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Hospital 9 in Hanoi is filled with patients, but lacks the large crowds of family caretakers and visitors that usually fill the halls of Vietnamese hospitals.

The reason is it treats and befriends people with HIV/AIDS, many of whom have been shunned by friends and families.

It was first opened for AIDS patients from prisons, but then expanded to accept all those afflicted. It quickly garnered a bad reputation as many of its patients were ex-cons, prostitutes, drug addicts and various members of the underworld.

A Lao Dong report last month said the hospital is sometimes referred to as the "garbage dump" of society, where the patients are wished dead by their own families.

Doctors said only 20 percent of the patients have family members that visit regularly, and even then it's usually just for a few minutes at a time.

They often call patient's families to inform them of their relative's condition, only to be asked "Did he/she die yet?"

Doctor Vu Duc Phe told Lao Dong he was shocked when one time he saw a family member of a patient sneak in an intensive care room to remove the respirator tube.

Many patients feel so alone that they refuse to take their medicine. Other forms of suicide, from wrist slashing to jumping from high floors, have also been seen at the hospital, according to Phe.

He said that doctors at the hospital thus had no other choice than being friends of the patients.

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Doctor Hoang Hai Ha said last stage AIDS patients sometimes act like they don't give a damn, but that is only because their families have abandoned them and they feel worthless.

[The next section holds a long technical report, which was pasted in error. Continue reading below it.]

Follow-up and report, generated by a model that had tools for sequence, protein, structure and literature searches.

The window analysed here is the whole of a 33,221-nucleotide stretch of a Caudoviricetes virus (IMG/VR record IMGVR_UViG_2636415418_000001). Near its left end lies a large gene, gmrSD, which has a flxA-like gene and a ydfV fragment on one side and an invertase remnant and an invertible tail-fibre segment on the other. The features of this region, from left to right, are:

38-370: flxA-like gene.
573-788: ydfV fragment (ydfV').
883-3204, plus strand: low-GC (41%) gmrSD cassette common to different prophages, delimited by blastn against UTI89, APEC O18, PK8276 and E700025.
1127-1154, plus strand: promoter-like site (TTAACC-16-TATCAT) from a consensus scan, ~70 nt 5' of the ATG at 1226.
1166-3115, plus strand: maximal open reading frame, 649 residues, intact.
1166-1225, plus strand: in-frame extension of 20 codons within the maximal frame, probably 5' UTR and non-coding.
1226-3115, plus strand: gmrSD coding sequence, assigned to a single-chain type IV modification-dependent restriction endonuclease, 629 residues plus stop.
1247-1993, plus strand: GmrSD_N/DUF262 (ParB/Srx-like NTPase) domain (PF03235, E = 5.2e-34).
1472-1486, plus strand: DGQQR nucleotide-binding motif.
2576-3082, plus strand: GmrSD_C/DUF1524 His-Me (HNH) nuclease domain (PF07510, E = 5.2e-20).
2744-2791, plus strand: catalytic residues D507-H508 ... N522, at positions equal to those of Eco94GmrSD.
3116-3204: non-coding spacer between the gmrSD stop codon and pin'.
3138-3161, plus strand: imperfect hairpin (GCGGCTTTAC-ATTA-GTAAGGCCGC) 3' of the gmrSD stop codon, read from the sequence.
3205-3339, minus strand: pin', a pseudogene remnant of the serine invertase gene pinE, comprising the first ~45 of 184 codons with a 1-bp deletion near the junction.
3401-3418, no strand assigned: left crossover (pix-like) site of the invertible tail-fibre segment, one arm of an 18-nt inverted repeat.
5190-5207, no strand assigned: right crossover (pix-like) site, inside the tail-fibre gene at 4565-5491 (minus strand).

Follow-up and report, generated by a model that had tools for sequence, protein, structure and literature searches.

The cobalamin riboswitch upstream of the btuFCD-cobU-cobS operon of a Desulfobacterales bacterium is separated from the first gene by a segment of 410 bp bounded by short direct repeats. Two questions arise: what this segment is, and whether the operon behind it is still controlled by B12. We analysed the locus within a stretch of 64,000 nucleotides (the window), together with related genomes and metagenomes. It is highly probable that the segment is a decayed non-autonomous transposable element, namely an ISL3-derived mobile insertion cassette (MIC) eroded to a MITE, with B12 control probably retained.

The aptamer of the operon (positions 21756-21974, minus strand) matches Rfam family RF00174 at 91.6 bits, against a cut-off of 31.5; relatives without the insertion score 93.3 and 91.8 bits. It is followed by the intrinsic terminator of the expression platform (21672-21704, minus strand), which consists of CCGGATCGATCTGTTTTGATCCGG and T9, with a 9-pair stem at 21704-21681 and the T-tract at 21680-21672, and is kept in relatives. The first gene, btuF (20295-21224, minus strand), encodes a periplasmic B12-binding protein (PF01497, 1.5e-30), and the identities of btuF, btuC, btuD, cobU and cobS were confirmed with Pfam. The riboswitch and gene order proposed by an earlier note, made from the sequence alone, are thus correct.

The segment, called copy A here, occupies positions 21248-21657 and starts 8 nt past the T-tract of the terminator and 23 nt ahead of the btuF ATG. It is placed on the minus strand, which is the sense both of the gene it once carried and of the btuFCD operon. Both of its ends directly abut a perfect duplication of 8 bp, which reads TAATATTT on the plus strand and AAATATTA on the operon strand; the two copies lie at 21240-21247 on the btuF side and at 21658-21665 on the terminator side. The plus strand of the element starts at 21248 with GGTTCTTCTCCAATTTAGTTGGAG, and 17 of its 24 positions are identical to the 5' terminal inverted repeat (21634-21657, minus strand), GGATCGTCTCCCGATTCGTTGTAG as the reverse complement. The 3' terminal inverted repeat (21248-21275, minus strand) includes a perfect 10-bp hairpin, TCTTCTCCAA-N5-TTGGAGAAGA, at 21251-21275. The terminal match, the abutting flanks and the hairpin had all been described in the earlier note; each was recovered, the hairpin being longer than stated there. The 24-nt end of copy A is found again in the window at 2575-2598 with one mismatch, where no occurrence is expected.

Ha said most patients actually have the will to change their life and they often do so when doctors are supportive and encouraging enough.

Phuong Anh and Thang, a couple once treated by Ha, are now starting their own business in the face of brutal discrimination.

The couple first ran a small shop selling breakfast.

But when they registered for temporary residency with local ward authorities, their HIV records became common knowledge and customers abandoned the shop.

They have since moved to a new area and have opened a souvenir shop.

"Life is so harsh," Thang once told Ha after his discharge, cited by Lao Dong. "We are shunned from time to time. It's so difficult to be good people."

Ha understands such harshness more than other doctors at the hospital as he was once exposed to the virus and suffered a long period of of isolation at the hands of his colleagues.

One night in 2001, Ha was taking blood samples for HIV tests from eight drug addicts arrested by police.

One of them injected him with a syringe containing HIV-infected blood. Ha was then 30 and married with a child less than one year old.

The doctor said he immediately took medication to fight the virus but was also ready to begin living the days as his last.

He said the saddest part, according to Ha, was the discrimination from other doctors, who even avoided touching things on his desk.

Ha returned to normal life after continuously testing negative for the virus during a year of treatment and medication.

Since then, Ha has built a better connection with his patients.

He said Hospital 9 are not in it for the money.

The doctors have no private clinics and the patients only receive cheap or free treatments.

Thus, Ha said it takes a real love of the career to work at number 9, and the support of one's family, which both Phe and Ha said they are thankful they have.

Most other doctors there have to hide the fact that they work at Hospital 9 from their families, as those close to them argue that the low income is not worth being attached or close to AIDS in any way.

Three doctors left the institution in 2010. The hospital offered many vacancies last year but only one was filled.

Ha said not everything is gloomy.

He said the hospital has succeeded in it's main mission, which is to bring patients not only hope for survival, but hope for a better life.

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